MusicNovember 29, 2012 at 5:28 am

From A Cappella to Zart

What exactly is a "capella"? Is it a hat? Street breaks it down for those of you unschooled in the ways of music theory.

A cappella | ä k ‘pel |
adjective 

Dowdowdow dowdowdow dowdow dow, bomp, woop, doo wop, bomb doop, and finally you belt “I hear Jerusalem bell’s a–ringin.’” Note: Groups have a tendency to multiply quicker than rabbits and harvest a campus bone–dry faster than locusts.

Brillante
| breə’länte|ē

adverb

With all the sparkle of Amy Gutmann’s Commencement/Flavor Flav necklace.

Coda | ’koda |
noun

You start at the colon, repeat at the coda: Start at the colon, repeat at the coda.

Crescendo |kr’ sh end |
noun

When you start out like this AND END UP LIKE THIS.

Fugue | fyoōg |
adjective

First, one person comes in and sings. Then another. Then another. Then another. Then another. Then finally, as the last voices repeat the last, shrillest lines you’ll ever hear, you realize your mind has finally touched the darkness and seen the beast.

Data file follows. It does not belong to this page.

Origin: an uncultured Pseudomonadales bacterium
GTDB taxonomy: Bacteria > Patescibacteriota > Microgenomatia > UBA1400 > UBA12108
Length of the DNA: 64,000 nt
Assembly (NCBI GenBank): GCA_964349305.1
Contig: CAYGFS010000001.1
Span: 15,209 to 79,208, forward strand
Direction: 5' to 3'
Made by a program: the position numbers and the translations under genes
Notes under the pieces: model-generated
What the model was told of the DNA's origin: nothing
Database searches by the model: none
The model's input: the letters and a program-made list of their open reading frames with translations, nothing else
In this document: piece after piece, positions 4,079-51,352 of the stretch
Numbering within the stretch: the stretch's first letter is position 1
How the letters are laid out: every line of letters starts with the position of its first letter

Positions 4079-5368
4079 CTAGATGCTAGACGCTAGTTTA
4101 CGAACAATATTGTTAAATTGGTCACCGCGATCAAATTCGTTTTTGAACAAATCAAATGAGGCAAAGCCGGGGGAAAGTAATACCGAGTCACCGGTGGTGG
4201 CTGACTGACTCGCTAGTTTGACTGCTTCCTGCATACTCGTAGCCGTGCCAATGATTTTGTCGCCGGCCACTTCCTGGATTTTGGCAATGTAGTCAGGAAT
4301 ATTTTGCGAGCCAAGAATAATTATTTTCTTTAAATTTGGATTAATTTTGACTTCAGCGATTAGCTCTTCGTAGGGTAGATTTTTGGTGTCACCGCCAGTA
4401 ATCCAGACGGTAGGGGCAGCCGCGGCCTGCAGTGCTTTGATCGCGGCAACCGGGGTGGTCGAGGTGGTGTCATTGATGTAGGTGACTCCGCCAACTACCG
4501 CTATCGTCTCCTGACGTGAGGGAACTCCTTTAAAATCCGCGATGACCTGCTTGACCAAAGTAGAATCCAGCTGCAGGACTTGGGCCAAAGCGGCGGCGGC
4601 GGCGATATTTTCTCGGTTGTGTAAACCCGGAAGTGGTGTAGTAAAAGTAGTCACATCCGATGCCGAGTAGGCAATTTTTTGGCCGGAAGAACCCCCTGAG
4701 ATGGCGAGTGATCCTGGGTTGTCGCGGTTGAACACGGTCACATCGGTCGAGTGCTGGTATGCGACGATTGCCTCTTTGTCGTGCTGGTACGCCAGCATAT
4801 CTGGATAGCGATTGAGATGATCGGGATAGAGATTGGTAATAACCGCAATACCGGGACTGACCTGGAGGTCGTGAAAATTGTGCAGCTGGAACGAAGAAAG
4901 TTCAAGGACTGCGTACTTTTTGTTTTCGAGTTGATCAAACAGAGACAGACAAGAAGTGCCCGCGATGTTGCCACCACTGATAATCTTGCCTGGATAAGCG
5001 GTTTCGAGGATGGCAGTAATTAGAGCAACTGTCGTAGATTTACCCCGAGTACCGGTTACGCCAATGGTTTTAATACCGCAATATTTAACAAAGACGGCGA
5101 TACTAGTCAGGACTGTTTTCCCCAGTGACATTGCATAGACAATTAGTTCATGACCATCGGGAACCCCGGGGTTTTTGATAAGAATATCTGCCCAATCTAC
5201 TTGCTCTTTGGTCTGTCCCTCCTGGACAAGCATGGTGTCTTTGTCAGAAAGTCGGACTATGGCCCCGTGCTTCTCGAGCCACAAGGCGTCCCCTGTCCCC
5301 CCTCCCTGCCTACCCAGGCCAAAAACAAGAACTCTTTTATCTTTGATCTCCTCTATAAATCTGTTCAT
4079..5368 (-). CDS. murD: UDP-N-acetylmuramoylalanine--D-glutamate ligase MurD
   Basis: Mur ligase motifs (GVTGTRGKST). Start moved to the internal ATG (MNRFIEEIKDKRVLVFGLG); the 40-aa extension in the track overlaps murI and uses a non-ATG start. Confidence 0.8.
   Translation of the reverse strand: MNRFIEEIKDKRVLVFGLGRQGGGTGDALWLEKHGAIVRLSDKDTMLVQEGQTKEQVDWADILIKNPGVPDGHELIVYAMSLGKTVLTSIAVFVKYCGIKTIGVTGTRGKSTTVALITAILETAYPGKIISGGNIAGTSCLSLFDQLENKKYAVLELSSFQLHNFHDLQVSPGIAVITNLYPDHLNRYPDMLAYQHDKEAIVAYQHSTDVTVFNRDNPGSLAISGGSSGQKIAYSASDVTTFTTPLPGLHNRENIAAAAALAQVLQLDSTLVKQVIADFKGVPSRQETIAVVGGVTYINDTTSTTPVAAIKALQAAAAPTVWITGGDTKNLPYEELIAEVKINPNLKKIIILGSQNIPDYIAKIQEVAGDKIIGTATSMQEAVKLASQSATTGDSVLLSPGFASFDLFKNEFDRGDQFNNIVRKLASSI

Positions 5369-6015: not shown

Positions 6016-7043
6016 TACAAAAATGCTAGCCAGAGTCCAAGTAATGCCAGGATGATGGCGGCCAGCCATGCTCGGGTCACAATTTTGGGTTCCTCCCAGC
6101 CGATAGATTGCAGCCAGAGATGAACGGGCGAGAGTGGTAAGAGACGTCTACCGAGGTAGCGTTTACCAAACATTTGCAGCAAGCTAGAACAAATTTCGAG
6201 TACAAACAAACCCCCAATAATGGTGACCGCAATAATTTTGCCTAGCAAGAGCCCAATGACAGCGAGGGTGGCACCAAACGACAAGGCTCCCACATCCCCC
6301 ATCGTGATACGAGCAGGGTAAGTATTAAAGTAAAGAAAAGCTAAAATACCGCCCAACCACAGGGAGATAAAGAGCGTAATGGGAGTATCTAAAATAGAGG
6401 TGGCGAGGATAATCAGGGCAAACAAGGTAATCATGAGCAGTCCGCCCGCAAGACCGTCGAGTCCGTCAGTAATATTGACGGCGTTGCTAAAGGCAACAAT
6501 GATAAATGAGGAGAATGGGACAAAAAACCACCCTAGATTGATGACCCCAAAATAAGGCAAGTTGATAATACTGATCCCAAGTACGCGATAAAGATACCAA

Gesamtkunstwerk
noun

Wagner says that the world’s hottest art form is Opera.  It’s got everything: drama, incest, music, Norse mythology, costumes, dwarfs who steal from mermaids, literature, scenery and men who turn into giant snakes.  Stay long enough and you might even see a king sell his sister–in–law to two giants to pay off his debt.

Largo |’lärg |
noun

As slow as waiting for Penn Ride to pick you up. The speed of traffic outside 30th Street Station.  The omelet line at Hill brunch.

Perfect Pitch
noun

The ability to distinguish the screaming of a child who has had his candy stolen versus the yells of a child who just got defeated in Pokemon. With your eyes closed.

Relative Pitch
noun

The aforementioned child–distinguishing skill, only with your eyes open.

Timbre |’tamb r| 
noun

Not quite wibbly, not quite wubby, but that in–between part that measures just the exact amount of bass droppage you feel in your intestines.

Zart  |tsaːʁrt|
adjective 

Tender; as used in a sentence: “he touched me zartingly on the face.”

 
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